MUMBAI (NewsRise) -- Indian shares extended losses on Tuesday, ending at near six-week lows, as a falling rupee and global trade jitters weighed on investor sentiment.
The BSE Sensex fell 1.3% to 37,413.13, recording a more than 1% decline for two consecutive sessions for the first time since Nov. 2016. The broader Nifty 50 Index declined 1.3% to close at 11,287.50. HDFC Bank slid 2.1% to lead a gauge of private lenders lower by 1.4%. ICICI Bank fell 1.9% and index heavyweight Reliance Industries shed 1.5%.
The rupee fell to a fresh record low on Tuesday, hitting 72.75 against the dollar. It was last changing hands at 72.68 compared with 72.45 at close in the previous session. Increasing trade tensions between the U.S. and China, rising interest rates in the U.S., and concerns of sharp outflows from emerging markets have hurt investor appetite for equities.
Investors awaited further developments in Washington's ongoing spat with Beijing. U.S. President Donald Trump last week signalled his willingness to move ahead with additional tariffs on $200 billion of Chinese goods and a further $267 billion thereafter, thus imposing duties on all Chinese imports.
"Worries over a widening deficit due to rising oil prices and a weaker rupee have clouded investor's sentiment," said Vinod Nair, Head of Research at Geojit Financial Services. "The threat of trade tariffs, outflow of foreign funds, and concerns on domestic macros will influence investors to stay on a cautious note."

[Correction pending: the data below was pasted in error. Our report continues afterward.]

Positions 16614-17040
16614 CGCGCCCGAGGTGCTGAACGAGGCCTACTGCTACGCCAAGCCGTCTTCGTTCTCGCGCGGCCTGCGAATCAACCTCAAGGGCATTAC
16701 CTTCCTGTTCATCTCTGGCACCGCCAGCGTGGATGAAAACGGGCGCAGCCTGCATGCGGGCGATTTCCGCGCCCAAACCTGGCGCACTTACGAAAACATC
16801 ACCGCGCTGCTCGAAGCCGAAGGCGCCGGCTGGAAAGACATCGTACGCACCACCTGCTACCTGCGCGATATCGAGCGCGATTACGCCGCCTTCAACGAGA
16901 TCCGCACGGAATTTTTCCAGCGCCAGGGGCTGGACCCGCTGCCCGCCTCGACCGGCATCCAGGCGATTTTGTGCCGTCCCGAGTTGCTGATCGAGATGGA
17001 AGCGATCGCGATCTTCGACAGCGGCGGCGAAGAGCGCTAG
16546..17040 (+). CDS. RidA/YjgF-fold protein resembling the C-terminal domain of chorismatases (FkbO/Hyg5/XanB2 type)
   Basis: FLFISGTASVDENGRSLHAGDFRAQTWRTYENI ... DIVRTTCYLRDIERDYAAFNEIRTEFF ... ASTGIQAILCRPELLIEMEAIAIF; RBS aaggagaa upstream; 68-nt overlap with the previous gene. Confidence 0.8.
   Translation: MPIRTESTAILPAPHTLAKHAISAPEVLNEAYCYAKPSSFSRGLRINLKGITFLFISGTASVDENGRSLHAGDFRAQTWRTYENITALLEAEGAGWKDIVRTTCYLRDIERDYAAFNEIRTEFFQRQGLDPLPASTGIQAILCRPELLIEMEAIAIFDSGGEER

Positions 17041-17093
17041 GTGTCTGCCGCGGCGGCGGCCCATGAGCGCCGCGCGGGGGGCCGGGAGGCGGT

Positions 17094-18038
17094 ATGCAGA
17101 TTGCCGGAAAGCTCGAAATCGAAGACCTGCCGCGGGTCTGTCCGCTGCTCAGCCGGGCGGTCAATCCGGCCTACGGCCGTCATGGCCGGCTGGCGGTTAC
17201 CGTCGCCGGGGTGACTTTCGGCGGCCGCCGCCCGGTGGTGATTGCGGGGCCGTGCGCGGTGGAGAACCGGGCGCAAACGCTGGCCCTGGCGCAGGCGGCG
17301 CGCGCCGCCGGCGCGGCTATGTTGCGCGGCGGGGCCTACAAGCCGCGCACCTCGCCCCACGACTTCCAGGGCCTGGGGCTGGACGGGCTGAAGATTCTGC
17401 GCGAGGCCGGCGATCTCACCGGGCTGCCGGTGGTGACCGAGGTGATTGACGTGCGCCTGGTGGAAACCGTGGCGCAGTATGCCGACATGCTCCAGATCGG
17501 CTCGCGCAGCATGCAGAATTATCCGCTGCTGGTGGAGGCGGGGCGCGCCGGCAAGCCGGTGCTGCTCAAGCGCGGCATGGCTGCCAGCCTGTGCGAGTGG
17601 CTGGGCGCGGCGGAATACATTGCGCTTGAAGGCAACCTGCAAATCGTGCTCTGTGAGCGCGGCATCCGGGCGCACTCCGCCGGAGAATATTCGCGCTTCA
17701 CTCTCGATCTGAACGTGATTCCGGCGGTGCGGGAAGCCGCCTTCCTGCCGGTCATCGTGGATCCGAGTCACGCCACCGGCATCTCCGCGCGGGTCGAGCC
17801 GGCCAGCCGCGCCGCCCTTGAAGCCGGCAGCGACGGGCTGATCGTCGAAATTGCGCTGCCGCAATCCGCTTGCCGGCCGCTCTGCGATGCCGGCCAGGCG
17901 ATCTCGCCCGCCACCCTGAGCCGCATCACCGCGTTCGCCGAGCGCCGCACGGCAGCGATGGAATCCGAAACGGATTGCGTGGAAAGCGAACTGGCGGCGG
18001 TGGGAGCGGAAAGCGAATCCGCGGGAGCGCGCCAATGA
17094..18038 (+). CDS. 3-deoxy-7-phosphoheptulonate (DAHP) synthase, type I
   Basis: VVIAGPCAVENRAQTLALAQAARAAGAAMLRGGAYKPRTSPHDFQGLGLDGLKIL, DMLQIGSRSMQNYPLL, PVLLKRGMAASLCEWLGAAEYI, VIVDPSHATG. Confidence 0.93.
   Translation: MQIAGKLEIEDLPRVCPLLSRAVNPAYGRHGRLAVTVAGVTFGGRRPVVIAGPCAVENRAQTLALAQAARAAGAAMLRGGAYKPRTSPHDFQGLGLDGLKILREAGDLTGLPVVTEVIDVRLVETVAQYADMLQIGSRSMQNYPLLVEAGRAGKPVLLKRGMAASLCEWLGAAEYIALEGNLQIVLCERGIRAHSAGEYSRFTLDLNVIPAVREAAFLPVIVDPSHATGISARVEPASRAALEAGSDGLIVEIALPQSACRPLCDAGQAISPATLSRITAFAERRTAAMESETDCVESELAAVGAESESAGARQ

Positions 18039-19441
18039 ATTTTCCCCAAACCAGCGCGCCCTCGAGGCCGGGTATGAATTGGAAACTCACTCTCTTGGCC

Infosys climbed 0.3% to 734.25 rupees. UBS raised the target price on the software exporter to 865 rupees to reflect the earnings boost for the company from the Indian rupee's recent decline against the dollar.
Sun Pharmaceutical Industries fell 1.3%. Late Monday, the company said its unit had agreed to acquire 18.75% stake in Israel's Tarsius Pharma for $3 million.
ICICI Securities rose 0.2% to 327.30 rupees. Citibank initiated coverage on the company with a 'buy' rating and a target price of 425 rupees, saying it expected ICICI Securities to be a key beneficiary of a shift to financial avenues of savings by individuals.
HDFC Standard Life Insurance fell 1% to 445.90 rupees. CLSA maintained its 'buy' rating and 600-rupees target price, saying the company looked well placed to deliver 24% compounded annual growth in new premiums.
--Gurdev Singh Virk